Written by Don't Panic
16 Wednesday 16th December 2009

Andrea Codrea Rado was at the ICA to witness the UK unveiling of exciting Hungarian flick Delta,featuring heartbreaking family drama.
Keen Eastern European geographers will be able to point out the obvious about Delta, it's not actually set in Hungary but rather in Romania. In fact, in part of Romania where no-one speaks Hungarian. For the purposes of the plot, however, this is of no consequence. The universality of the simple storyline could being taking place anywhere, and is not, in the words of screenwriter Yvette Biro, "about Hungarians". 
Delta follows the story of a young man who returns to his village after a long absence. His widowed mother has remarried and he is introduced to his grown-up sister (Orsolya Toth) for the first time. Mihail (Felix Lajko) sets out to build a house in the remote Danube delta; soon after his sister joins him and a romantic relationship ensues. They quickly become the talk of the town, to tragic ends following their housewarming party.  
This is a film about defying social convention and pursuing freedom at any cost. The message is clear but its deliverance is the film's shortcoming.The audience is given limited character history and virtually no explanation for the reasoning behind the protagonist's return to the village and his subsequent desire to build a house in the middle of the delta. The film verges on utter silence.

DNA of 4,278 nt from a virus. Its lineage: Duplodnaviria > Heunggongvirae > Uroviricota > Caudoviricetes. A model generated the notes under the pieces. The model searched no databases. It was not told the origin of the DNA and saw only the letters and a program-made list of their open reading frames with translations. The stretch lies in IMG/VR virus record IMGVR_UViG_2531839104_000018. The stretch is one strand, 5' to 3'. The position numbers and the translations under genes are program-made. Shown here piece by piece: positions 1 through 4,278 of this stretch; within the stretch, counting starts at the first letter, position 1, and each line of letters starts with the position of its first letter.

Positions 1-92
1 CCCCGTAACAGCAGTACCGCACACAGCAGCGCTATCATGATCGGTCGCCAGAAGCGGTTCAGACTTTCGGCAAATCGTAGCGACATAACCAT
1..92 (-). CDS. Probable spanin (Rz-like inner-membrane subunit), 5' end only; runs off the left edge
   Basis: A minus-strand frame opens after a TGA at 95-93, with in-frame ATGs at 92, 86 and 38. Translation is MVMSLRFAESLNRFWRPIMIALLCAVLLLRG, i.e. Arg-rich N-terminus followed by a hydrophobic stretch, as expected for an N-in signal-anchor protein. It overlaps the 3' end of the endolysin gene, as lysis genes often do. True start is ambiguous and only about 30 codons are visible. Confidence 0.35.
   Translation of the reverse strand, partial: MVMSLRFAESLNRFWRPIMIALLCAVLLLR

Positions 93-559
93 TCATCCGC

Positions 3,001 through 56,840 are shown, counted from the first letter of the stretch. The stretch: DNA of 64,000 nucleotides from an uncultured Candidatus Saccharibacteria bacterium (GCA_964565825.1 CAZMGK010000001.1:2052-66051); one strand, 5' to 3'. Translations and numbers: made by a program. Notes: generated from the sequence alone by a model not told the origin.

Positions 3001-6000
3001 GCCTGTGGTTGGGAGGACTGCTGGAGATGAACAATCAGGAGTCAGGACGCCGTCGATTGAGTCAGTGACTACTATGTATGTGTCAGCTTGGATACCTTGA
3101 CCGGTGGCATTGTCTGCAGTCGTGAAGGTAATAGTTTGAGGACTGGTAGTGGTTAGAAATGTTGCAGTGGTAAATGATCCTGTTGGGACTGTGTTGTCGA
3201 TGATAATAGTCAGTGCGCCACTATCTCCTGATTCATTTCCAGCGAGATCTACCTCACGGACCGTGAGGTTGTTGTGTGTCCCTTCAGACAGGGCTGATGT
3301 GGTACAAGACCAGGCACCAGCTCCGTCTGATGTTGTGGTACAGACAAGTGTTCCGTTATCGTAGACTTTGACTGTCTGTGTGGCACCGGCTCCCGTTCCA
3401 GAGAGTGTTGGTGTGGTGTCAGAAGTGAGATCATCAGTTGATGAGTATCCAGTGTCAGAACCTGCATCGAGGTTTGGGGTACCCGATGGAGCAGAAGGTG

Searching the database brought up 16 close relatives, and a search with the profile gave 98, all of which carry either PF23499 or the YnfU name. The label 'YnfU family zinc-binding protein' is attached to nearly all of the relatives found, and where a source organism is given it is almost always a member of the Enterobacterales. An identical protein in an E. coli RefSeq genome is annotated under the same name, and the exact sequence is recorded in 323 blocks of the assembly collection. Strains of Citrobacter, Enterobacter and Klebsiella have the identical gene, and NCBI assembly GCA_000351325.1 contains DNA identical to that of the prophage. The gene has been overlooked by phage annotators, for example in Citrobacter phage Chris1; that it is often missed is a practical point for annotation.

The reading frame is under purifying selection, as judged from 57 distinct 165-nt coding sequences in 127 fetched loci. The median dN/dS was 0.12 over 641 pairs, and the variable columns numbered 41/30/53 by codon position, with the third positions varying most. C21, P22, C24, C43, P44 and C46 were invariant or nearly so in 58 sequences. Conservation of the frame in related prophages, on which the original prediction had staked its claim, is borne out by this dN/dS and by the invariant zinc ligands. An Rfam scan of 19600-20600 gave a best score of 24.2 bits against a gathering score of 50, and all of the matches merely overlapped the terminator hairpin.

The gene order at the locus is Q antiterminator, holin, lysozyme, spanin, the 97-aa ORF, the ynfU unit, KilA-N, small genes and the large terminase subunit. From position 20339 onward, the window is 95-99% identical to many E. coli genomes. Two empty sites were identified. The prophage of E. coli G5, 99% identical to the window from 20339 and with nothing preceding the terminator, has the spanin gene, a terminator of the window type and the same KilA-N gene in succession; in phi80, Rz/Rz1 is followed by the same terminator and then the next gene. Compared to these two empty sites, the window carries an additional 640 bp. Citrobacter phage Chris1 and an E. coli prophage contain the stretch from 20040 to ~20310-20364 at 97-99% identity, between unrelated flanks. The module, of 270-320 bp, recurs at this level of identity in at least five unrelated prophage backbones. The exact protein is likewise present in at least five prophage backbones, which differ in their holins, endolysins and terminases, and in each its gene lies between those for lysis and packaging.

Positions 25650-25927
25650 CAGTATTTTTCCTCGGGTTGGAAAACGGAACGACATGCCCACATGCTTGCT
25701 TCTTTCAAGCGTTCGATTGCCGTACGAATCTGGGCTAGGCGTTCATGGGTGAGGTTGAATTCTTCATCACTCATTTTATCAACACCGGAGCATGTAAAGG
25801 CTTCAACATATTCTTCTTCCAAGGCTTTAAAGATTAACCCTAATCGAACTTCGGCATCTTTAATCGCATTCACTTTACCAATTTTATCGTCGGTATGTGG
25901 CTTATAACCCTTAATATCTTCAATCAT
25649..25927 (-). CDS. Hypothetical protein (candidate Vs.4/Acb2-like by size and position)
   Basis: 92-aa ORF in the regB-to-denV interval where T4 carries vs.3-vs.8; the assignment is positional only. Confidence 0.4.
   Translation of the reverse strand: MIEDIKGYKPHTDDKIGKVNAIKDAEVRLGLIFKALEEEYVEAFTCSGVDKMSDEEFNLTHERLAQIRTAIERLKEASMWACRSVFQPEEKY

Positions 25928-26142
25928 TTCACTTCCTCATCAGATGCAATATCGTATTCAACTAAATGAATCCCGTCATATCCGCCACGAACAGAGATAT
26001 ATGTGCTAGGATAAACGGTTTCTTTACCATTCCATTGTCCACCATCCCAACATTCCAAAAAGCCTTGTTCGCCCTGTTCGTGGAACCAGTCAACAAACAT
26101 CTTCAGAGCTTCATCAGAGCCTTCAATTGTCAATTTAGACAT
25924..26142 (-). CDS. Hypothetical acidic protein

But of course it's not about what is said, but what isn't. Lajko has no formal acting training. Which is pretty obvious. He is actually a professional musician and wrote the film's original score. Supposedly, he was chosen for the role owing to his ability to convey the softness at the heart of the film through his silence. It has to be said that the beauty of the delta is exquisitely captured by superb cinematography and set to the hauntingly hypnotic soundtrack. Which, at times, induces a dreamlike haze over the protagonists' idyllic surroundings.  
At such intimate junctures the directorial decision to have limited dialogue is spot on, and the choice of Lajko is self-explanatory. The delicacy of these moments is captured perfectly through body language and that which remains unspoken. The stilted bar scenes, however, are frustrating. The lack of dialogue is exasperating. Lajko's silence is less about that which goes unsaid and more to do with the fact that he simply can't act, and so doesn't.  
Far from demonstrating the community's inability to accept the couple, the harsh violence that punctuates the plot feels forced and only there for the sake of it, as though the director had "arthouse" stamped across the screenplay. It is at these points that the film falls short of its purpose, and rather feels more like a self-conscious attempt at something it fails to achieve.  
The beautiful cinematography and accompanying soundtrack cannot be faulted. Shame about the rest.
Delta is on release at the ICA and selected cinemas.


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